Survival analysis
Message/Author
 gibbon lab posted on Tuesday, December 14, 2010 - 6:16 am
In a path analysis, can one of the paths be a survival analysis, e.g. cox regression?
 Bengt O. Muthen posted on Tuesday, December 14, 2010 - 8:51 am
Yes.
 gibbon lab posted on Tuesday, December 14, 2010 - 9:46 am
I am using mplus 3.0. It seems that this version is not able to perform survival analysis. Should I upgrade to a newer version of mplus?
 Linda K. Muthen posted on Tuesday, December 14, 2010 - 12:25 pm
If you want to do a Cox regression, you would need to do that.
 gibbon lab posted on Thursday, March 08, 2012 - 2:07 pm
Dear Professors,

I have upgraded to 6.12 and have another question. Let s be a continuous survival time, can s be a mediator if it is modeled with Cox model? Or can it be correlated with other variables using "with" statement? Thanks.
 Linda K. Muthen posted on Monday, March 12, 2012 - 5:54 pm
It can be used as a mediator but an indirect effect cannot be computed for it.

Yes, it can be correlated with another variable but not using the WITH option. You would do it as

f BY survival@1 z;
f@1;
[f@0];

 Richard E. Zinbarg posted on Friday, September 28, 2012 - 10:57 am
I just got a result from a discrete-time survival analysis that puzzles me. There are two predictors in the survival analysis that are latent variables that have been constrained to be orthogonal (and the Teach 4 output confirms their orthogonality). Each of the two predictors has a significant association with the hazard function when the other is not in the model. But the regression coefficients of each are smaller and non-significant when both are included in the model. I expected that as the two predictors were constrained to be orthogonal that the unique effects would have to have been at least as large as the zero-order effects. Thus, my pattern of results makes no sense to me. Was my expectation incorrect? Thanks!
 Linda K. Muthen posted on Sunday, September 30, 2012 - 10:38 am
You are correct in your expectations. What you see points to the model possbly being misspecified in terms of the marginal distribution of the two exogenous factors.
 Richard E. Zinbarg posted on Sunday, September 30, 2012 - 12:08 pm
Thanks very much for the speedy reply Linda! I am not sure that I fully understand it though or know how to correct that mis-specification. I would appreciate it very much if you could elaborate a bit. Thanks!
 Bengt O. Muthen posted on Monday, October 01, 2012 - 8:34 am
The part of your model for the 2 exogenous factors may not be perfectly correct - you can do a CFA of that alone. And the covariances between those factor indicators and the survival outcomes may not be perfectly correctly represented by your model. Either of those 2 matters can throw off your expectation.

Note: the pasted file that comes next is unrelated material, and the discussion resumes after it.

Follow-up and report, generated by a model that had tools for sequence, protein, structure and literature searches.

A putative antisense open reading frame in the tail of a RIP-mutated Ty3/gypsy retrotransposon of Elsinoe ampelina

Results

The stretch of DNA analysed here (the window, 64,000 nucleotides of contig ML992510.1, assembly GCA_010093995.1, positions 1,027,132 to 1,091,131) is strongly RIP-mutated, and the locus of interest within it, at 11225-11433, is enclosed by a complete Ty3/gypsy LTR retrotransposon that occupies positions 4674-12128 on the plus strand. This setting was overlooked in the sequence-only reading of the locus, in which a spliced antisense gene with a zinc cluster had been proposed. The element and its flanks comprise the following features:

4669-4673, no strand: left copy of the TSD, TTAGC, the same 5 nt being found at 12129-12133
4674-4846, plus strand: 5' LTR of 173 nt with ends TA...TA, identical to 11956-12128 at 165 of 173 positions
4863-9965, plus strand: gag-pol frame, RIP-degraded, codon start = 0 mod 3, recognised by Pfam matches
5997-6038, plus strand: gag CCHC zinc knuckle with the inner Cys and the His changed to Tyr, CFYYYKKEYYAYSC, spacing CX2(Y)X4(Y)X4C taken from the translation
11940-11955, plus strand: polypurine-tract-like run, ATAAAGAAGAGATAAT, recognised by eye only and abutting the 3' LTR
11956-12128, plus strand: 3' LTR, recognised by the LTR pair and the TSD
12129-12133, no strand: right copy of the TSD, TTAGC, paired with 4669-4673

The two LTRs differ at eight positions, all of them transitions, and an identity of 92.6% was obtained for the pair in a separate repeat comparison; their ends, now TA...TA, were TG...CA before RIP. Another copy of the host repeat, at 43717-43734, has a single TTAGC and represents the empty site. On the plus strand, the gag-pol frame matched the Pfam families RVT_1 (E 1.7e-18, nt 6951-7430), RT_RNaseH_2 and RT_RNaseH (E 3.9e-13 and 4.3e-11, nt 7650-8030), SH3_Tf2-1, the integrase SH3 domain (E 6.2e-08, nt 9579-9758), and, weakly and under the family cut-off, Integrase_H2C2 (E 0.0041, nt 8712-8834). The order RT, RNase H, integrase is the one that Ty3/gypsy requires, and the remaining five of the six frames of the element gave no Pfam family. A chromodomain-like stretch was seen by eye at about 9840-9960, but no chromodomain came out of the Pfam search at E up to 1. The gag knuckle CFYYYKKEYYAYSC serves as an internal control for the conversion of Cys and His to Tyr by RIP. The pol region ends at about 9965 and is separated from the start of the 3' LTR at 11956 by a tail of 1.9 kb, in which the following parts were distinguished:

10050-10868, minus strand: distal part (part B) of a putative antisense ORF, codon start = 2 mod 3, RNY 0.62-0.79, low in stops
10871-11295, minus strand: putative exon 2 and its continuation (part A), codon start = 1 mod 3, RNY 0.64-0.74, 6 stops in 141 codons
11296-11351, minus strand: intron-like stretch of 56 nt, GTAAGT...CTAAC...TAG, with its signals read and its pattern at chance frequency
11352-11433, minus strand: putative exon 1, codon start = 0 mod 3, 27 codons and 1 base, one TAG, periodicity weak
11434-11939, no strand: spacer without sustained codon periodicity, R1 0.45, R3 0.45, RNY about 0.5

Richard E. Zinbarg posted on Tuesday, October 30, 2012 - 7:59 pm
Thanks very much for your earlier reply Bengt! We have been checking on our model for the 2 exogenous factors and though the fit of that CFA isn't perfect, it is good (CFI = .96; RMSEA = .06; SRMR = .06).

The survival analysis doesn't give us fit indices other than the chi-square so we are not sure how well it fits. Moreover, the output doesn't include the survival outcomes in the covariance matrix so we have no idea what the covariances between the factor indicators and the survival outcomes might be (though to tell you the truth, we are not sure we would know what pattern to expect if they were perfectly represented by our model). We did try testing whether to relax the proportional hazards constraint and that didn't lead to a significant increment according to a chi-square difference test nor did it make our anomalous finding go away. Unfortunately, that is the only modification of a survival model we are familiar with. Any thoughts on how to proceed?
 Bengt O. Muthen posted on Wednesday, October 31, 2012 - 11:37 am
One thing to check is that you can look at how much chi-square improves in your CFA when you let the 2 factors correlate.
 Richard E. Zinbarg posted on Wednesday, October 31, 2012 - 3:51 pm
thanks Bengt. In the CFA, we fit a trait-state-occasion model (following Cole and Steiger). The two factors we are using as predictors in the survival analysis are the Trait factor and one of the occasion factors which are orthogonal by definition (one decomposes the state variance into a trait component and an occasion component).
 Richard E. Zinbarg posted on Friday, November 30, 2012 - 2:57 pm
Hi again,
We have a couple of new survival analysis questions.
1. In one survival analysis, we get the following warning:
WARNING: THE MODEL ESTIMATION HAS REACHED A SADDLE POINT OR A POINT WHERE THE
OBSERVED AND THE EXPECTED INFORMATION MATRICES DO NOT MATCH.
AN ADJUSTMENT TO THE ESTIMATION OF THE INFORMATION MATRIX HAS BEEN MADE.
THE CONDITION NUMBER IS -0.641D-01.
THE PROBLEM MAY ALSO BE RESOLVED BY DECREASING THE VALUE OF THE
MCONVERGENCE OR LOGCRITERION OPTIONS OR BY CHANGING THE STARTING VALUES
OR BY INCREASING THE NUMBER OF INTEGRATION POINTS OR BY USING THE MLF ESTIMATOR.